One year ago I discussed whether there was any demand for a true gaming phone. Such a gadget has yet to emerge, but it appears Sony is looking to fill that void with a “PlayStation phone” that could come to market in the next several months.
For those who missed it, Engadget last week posted photos of a phone/portable gaming system hybrid that could have massive appeal among the gamer set. The gadget, still in prototype mode, has PSP-like controls and is rumored to run Android 3.0 (Gingerbread). The concept is a compelling one, and Sony certainly seems qualified to produce a successful gaming phone. But for the company to avoid a flop of Ngage-type proportions it must get these factors right:
The hardware. Apple’s iPhone has fueled demand for pick-up-and-play offerings like Angry Birds, but a true gaming phone — one that better supports and replicates console-style play — requires more sophisticated controls and a larger screen. That kind of handset would be too bulky for mainstream consumers, and developing one that could compete on price with other smartphones could be difficult. But many gamers carry a portable gaming device in addition to their phones. Replacing those two gadgets with one — even if it is, say, 50 percent bigger than their current phones — is a compelling proposition. The gaming experience on a such a device still couldn’t hold a candle to console or PC titles, but it could be far better than even the best smartphones can currently support.
Marketing. Effective, big-budget advertising is crucial in the smartphone era, as evidenced by the success of Apple’s iPhone and the Motorola Droid — and failures like the Palm Pre. Sony should target both consumers and hardcore gamers with traditional and viral campaigns. Ads should demonstrate how an immersive experience can be delivered on a game-centric device; this is especially true for first-person shooters and sports games that are often unplayable on a phone. And Sony would be wise to integrate the device with its consoles and cross-promote them as complementary gaming platforms.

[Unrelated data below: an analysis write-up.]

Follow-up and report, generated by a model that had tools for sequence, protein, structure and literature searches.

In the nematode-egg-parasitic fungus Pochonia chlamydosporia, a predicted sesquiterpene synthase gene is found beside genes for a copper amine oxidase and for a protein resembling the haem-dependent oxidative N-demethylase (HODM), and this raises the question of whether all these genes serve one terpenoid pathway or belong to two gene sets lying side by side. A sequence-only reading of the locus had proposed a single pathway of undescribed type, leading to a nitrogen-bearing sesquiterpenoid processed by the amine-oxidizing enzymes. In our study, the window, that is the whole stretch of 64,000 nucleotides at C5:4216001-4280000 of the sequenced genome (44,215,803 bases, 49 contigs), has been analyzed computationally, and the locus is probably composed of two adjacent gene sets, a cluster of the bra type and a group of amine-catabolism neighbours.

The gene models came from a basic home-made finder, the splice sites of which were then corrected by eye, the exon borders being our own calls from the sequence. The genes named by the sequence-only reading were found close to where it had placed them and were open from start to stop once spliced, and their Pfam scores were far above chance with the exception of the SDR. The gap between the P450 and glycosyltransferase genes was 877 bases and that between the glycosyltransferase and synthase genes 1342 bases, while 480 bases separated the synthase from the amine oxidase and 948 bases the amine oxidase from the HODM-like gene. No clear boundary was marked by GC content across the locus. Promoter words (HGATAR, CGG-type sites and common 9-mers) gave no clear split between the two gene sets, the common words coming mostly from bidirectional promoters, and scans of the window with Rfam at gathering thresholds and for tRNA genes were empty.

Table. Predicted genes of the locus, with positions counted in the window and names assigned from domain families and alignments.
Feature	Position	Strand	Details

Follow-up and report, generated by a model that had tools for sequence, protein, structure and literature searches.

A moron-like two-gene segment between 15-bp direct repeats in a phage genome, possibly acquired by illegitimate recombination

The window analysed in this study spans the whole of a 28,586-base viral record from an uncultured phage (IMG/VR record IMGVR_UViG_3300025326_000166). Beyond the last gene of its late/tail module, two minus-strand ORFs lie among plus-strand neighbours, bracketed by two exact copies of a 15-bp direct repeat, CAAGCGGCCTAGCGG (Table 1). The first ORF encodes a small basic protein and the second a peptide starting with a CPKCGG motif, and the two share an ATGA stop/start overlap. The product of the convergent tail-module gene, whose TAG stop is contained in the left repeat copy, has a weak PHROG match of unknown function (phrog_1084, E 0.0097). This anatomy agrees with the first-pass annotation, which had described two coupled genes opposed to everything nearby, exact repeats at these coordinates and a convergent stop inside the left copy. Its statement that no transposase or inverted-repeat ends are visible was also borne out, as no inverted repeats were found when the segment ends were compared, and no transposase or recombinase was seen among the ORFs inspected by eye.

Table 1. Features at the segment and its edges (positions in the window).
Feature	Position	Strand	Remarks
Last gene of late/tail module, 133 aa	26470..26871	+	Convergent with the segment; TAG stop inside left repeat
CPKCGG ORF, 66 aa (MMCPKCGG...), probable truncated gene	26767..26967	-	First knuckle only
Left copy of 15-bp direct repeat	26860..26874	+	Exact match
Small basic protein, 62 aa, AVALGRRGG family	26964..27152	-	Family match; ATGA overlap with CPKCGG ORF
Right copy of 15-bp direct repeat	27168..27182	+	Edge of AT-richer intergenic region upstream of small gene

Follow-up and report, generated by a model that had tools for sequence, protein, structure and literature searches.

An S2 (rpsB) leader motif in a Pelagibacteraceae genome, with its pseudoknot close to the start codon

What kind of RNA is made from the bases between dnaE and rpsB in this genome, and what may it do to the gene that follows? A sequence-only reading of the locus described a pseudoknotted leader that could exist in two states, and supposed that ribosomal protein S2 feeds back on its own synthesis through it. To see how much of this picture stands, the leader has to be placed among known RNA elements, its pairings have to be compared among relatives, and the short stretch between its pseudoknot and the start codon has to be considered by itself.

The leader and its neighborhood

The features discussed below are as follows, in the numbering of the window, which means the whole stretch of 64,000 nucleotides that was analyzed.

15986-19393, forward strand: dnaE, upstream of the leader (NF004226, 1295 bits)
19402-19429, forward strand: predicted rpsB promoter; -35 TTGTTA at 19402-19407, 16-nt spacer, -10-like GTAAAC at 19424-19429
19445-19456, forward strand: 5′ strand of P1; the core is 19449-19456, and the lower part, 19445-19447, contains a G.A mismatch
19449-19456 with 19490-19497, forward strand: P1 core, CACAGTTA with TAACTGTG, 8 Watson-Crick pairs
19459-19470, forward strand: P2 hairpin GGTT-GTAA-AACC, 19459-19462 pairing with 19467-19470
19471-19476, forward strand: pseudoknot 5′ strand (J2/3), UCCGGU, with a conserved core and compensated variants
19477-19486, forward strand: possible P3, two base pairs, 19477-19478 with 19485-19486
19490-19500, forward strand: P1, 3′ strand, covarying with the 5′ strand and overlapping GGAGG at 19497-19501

Carrier partnerships. Carriers may be less powerful than ever in the world of mobile, but they can still make or break a mobile device. Any manufacturer looking to bring a gaming phone to market would be wise to partner up with a deep-pocketed operator who can back the device with retail distribution and marketing savvy.
The developer community. Sony last year lowered the price of its PSP software development kit (SDK) to “only” $1,500 — still a hurdle for the kind of garage developers who’ve flocked to mobile, where the cost of developing and submitting an app is far lower. Sony should take a cue from Apple’s iPhone and Google’s Android, which have spurred a flurry of app development by lowering the barriers to entry. Making it easier for developers to produce games for a PlayStation phone would result in a wide variety of titles, from casual one-thumb (or one-finger) games to offerings that fully take advantage of the multiple controls.
Game distribution. Apple and Google have built massive libraries by enabling developers to easily upload their apps and make them available to millions of users. And in doing so, they’ve ushered in innovative offerings from developers who might not have been able to publish a game in the console world otherwise. Sony should play the role of discriminating gatekeeper to ensure its PlayStation Network isn’t flooded with mediocre games, but it should also make it easier for developers to submit and sell their games.
The phone. Perhaps the biggest challenge for any manufacturer of a gaming phone is remembering that communication is the primary purpose of the device. While any true gaming phone must have sophisticated controls, it must also be easy to use for voice calls, texts, photo-messaging and email. And in addition to an acceptable browser it must also support the wide variety of non-game applications many use in their day-to-day work and home lives.